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Christopher Bailey developed an avid interest in both computers and music during his youth. He studied composition at the Eastman School of Music, discovering there the wonderful world of computer music, the exploration of which he continued to pursue at Columbia University, where he's currently finishing a DMA in composition.

David Birchfield studied composition and percussion performance at the University of Cincinnati-College Conservatory of Music before coming to Columbia University to pursue graduate studies in composition.

Liubo Borissov is a physics student at Columbia by day and a computer musician by night. His attempts at creating alloys between art and science have been greatly influenced and inspired by the ideas of Xenakis and all those other Greeks.

Born in Nova Scotia, Canada, Cathy Cox has studied in Montreal, St Louis, Berlin and Aachen, Germany, and is currently a graduate student in music theory at Columbia University in New York City. Her areas of interest include musical multimedia and contemporary music.

R. Luke DuBois is a doctoral candidate in music composition at Columbia University, specializing in computer music. He is a teaching assistant at the Computer Music Center, where he composes and does research in interface design. He records and performs music with the Freight Elevator Quartet, whose recordings are available on Caipirinha Music.

Works by James Fei have been performed by the Orchestra of the S.E.M. Ensemble and JŸrg Frey; his for orchestra (3.98) will also be performed by the Noord-Hollands Philharmonisch Orkest at the 2000 Gaudeamus Music Week. Recordings of his works include Solo Works (Leo Records) and eXchange: China (CRI). Fei currently lives in New York City.

The music of Jason Freeman has recently been performed at the June in Buffalo festival and has been played in reading sessions by the American Composers Orchestra and the Jacksonville Symphony. Freeman is also the recipient of a 2000 ASCAP Foundation Morton Gould Award.

Brad Garton is currently Director of the Computer Music Center at Columbia University, where he also serves on the composition faculty of the Music Department.

Rebecca Kim is a doctoral student in musicology at Columbia University. Her dissertation is on indeterminacy in twentieth-century music.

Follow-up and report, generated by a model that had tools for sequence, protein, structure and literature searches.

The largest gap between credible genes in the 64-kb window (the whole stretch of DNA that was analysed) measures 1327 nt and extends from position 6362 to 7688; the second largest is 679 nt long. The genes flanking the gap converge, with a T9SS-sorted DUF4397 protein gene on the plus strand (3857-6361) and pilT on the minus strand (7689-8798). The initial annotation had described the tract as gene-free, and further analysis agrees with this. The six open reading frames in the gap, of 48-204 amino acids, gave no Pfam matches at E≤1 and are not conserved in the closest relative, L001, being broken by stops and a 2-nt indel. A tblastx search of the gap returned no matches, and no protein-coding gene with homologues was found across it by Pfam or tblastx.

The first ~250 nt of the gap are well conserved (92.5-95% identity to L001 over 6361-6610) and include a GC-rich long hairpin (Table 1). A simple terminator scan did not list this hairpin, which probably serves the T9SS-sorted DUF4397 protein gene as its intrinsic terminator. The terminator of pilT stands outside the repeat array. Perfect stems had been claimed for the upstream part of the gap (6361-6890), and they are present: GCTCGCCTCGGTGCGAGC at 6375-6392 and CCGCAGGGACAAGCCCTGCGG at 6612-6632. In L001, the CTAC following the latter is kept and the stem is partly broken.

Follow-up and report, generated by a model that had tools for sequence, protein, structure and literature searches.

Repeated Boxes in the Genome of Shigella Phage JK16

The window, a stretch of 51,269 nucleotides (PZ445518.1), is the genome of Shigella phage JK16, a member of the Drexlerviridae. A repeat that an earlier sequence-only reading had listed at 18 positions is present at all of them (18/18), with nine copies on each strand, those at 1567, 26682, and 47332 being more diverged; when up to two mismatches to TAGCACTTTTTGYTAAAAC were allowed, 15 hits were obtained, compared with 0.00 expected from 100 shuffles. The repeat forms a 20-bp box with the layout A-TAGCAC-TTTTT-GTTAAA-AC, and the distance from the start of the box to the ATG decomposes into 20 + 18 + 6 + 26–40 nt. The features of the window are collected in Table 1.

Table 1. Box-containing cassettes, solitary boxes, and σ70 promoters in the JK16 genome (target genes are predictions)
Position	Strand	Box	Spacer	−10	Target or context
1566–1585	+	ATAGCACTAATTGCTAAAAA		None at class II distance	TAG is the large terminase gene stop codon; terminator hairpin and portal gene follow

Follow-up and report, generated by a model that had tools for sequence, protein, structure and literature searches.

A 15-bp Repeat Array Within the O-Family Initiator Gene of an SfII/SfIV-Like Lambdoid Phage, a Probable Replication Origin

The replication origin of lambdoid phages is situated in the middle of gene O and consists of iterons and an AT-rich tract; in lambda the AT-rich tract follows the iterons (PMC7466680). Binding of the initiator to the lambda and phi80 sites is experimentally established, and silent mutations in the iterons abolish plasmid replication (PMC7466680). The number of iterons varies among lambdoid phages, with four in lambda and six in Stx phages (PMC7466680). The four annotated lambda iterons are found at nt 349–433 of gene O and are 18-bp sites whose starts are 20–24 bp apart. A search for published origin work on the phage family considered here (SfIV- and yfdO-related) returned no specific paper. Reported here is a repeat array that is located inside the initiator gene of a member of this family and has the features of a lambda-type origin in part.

Johnathan F. Lee (b. 1974) received his BA and MA from Columbia University, where he is currently a DMA candidate in music composition, studying under Tristan Murail, Fred Lerdahl and Brad Garton. His works include electroacoustic, installation and instrumental projects. In addition to his efforts on various aspects of computer music, he also works on music performance and production projects.

Colby Leider is a graduate fellow in composition at Princeton University. He received a masterŐs degree in electro-acoustic music from Dartmouth College,and he studied engineering, organ, and composition at the University of Texas at Austin. Colby is Assistant Editor for the Computer Music Journal (MIT Press) and is recorded on Sonic Circuits V (Innova 114) and the International Computer Music Conference 1998 CD.

Dr. Terence Pender is the Center Manager and an Adjunct Assistant Professor at the Columbia University Computer Music Center. Dr. Penders compositions have been played throughout the world and he performs regularly on the mandolin and guitar as a soloist, in a duo with his wife, soprano Amy Duggins Pender, and as a soloist with Minus Ted, a local New York City urban folk group.

Timothy Polashek, writing for computer-generated tape, live electronics, traditional acoustic and vocal text/sound ensembles, is a doctoral student at Columbia University and an Audio Engineer with BR Productions. Having earned the Dartmouth Electro-Acoustic Music MA, his teachers include Larry Polansky, Charles Dodge, Bradford Garton, and Fred Lerdahl. His music is performed throughout Europe, including Moscow, South America, Asia, and Canada.

Douglas Irving Repetto is an artist, performer, programmer and designer of electronic objects. His work, including installations, live electronic performances, recordings and software, has been presented internationally. He currently lives in New York City and works at the Columbia University Computer Music Center. His interests include interspecies/interkingdom communication, container gardening and dairy-free baking.

Thanassis Rikakis is the Associate Director of the Columbia University Computer Music Center, an Adjunct Assistant Professor at the Columbia University Music Department and the Manager of the Program of Psychoacoustics of the Aristotle University of Thessaloniki. He has composed works for acoustic ensembles, computer generated tape, and music for film , theater and television. His research work concentrates on pitch perception and on applications of music in the medical field.

John Smalley is a graduate student in Historical Musicology at Columbia University. He is currently researching the works of John Cage and their relation to the visual arts in postwar America.

Dan Trueman composes and plays both the 6-string electric violin and the Norwegian Hardanger fiddle. His duo Trollstilt (with guitarist Monica Mugan) recently completed a compact disc of original tunes inspired by his activities as a traditional Hardanger fiddler. He has been active as an experimental instrument designer, and has built sensor bows, spherical speakers, and, most recently, the Bowed-Sensor-Speaker-Array.